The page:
I AM an 80s kid. Term holidays were spent reading story books, listening to the radio, playing badminton with my sisters and watching Jem and the Holograms re-runs on the telly.
When I was old enough to venture to town on my own, I would make appointments with a friend or two to meet at the town library or when we felt adventurous, at the shopping malls which were essentially supermarkets with a section selling clothes.
Mobile phones did not exist in our world then so if either one of us was suddenly running late, or could not make it at the very last minute, there was no way of informing each other.
At the end of our Form 5 year, we took out what we called autograph books and got our friends to pen down messages in them so that we would remember each other “forever”.
In the absence of Facebook, we let our creative juices flow and filled our friends' “walls” (in today's Facebook terms), with poems, photos and jottings, reminiscing the many years we had spent together in school.
Life was relatively simple then but it was nice and I enjoyed every moment of it.
Today, children as young as six would scoff at the idea of not having their own mobile phone.
While giving them their own handsets can help parents track their whereabouts, the fact remains they will most likely scoff at the idea.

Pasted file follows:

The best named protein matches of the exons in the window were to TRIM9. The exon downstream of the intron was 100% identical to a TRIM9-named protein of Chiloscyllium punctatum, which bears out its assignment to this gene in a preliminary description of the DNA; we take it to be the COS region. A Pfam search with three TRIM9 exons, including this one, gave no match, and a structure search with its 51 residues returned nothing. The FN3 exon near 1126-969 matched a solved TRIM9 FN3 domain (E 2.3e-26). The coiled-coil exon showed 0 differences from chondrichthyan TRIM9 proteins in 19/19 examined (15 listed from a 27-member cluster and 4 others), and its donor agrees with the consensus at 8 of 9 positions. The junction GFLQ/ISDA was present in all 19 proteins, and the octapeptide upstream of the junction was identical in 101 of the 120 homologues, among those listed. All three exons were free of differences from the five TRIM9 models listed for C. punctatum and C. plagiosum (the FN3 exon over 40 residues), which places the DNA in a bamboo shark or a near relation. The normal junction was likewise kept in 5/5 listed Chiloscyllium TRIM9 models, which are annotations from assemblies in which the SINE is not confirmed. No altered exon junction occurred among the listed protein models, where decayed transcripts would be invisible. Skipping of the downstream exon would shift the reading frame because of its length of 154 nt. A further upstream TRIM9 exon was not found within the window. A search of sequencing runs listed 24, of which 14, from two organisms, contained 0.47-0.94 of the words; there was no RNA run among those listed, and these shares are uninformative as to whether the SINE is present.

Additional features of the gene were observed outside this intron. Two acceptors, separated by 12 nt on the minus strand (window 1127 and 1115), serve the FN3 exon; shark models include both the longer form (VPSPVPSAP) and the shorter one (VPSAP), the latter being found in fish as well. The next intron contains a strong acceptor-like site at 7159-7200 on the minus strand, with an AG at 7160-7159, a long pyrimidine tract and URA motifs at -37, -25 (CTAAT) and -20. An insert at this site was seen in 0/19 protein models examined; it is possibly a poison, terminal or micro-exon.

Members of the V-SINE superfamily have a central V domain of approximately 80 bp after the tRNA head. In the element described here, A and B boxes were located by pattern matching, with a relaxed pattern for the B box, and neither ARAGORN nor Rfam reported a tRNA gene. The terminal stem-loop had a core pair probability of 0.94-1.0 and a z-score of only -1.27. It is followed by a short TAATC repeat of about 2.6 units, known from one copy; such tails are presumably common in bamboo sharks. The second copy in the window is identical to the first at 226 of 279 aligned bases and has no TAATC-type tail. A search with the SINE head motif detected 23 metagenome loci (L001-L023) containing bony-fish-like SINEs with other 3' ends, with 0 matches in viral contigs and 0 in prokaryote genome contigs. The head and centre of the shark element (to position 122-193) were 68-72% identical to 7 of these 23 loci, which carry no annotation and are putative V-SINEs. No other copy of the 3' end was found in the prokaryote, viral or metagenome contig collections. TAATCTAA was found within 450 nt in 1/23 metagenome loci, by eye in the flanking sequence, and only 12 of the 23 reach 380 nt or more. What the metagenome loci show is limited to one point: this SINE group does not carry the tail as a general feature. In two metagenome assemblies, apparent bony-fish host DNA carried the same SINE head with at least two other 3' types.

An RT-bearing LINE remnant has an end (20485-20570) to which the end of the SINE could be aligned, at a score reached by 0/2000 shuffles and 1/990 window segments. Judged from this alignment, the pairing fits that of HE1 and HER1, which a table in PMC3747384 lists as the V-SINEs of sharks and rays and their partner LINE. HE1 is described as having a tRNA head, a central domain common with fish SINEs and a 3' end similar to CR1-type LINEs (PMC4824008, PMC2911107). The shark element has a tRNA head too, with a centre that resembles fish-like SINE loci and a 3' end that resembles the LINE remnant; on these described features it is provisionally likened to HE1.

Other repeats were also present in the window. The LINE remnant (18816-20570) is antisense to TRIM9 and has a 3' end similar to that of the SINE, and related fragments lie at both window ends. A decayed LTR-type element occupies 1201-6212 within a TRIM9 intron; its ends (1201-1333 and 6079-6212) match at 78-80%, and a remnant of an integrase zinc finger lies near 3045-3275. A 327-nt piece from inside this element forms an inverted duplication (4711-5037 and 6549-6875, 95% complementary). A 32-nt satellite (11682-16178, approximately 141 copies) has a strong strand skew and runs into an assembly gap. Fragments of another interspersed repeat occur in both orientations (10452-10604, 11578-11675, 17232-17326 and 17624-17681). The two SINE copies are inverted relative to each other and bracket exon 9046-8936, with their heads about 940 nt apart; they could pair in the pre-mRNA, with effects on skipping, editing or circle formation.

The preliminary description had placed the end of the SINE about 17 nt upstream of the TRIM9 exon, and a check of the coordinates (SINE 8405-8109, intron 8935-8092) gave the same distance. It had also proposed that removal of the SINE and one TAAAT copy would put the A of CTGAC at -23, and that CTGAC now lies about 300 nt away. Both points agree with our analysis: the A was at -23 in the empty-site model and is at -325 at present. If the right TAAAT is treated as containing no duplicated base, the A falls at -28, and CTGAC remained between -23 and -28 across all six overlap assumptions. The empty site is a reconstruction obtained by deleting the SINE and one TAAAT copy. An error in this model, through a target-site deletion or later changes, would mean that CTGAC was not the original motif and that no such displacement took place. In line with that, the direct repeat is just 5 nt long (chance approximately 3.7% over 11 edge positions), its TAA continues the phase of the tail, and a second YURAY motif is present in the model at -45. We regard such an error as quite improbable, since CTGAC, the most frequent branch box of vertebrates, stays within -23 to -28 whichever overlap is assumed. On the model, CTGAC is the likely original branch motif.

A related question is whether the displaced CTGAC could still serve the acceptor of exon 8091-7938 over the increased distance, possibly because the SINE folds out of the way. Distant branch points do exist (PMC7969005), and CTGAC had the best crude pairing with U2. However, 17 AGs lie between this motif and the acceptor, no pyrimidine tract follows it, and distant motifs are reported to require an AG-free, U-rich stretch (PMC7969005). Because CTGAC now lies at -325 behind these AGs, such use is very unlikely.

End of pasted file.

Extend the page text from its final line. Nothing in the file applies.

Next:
Reading books, watching cartoon reruns and enjoying a good old game of badminton under the sun? Correct me if I'm wrong but I have a nagging suspicion that they are not doing much of these nowadays, being drawn instead towards entertainment provided by tech gadgets like the iPad which exposes them to the many wonders of the world wide web.
This brings me to the actual point of all the reminiscing are children these days much brighter and better off than children decades ago, thanks to the advent of technology? If a December 2010 article by a Philadelphia-based community magazine is to be believed at first glance, the answer appears to be no.
In the stand first of an article entitled, “Is it just us or our kids becoming really stupid?”, the writer notes that kids today don't read and can't spell. “They spend their time playing computer games and texting and hanging out with one another on Facebook.”
A little harsh perhaps?
Personally, I think there's no straight answer to this. Kids today are certainly more tech-savvy but it's not like they have a choice.
They are exposed to a lot more of information earlier in their life but that doesn't mean that they are absorbing everything and becoming much smarter in the process.
Could it be that they are also lazier, less physically active and less resourceful with so many technology aids to help and distract them?
What I know for a fact is that as an 80s kid, I enjoyed the simple life then and am blessed enough to experience a more technologically-advanced one now. Talk about the best of both worlds.
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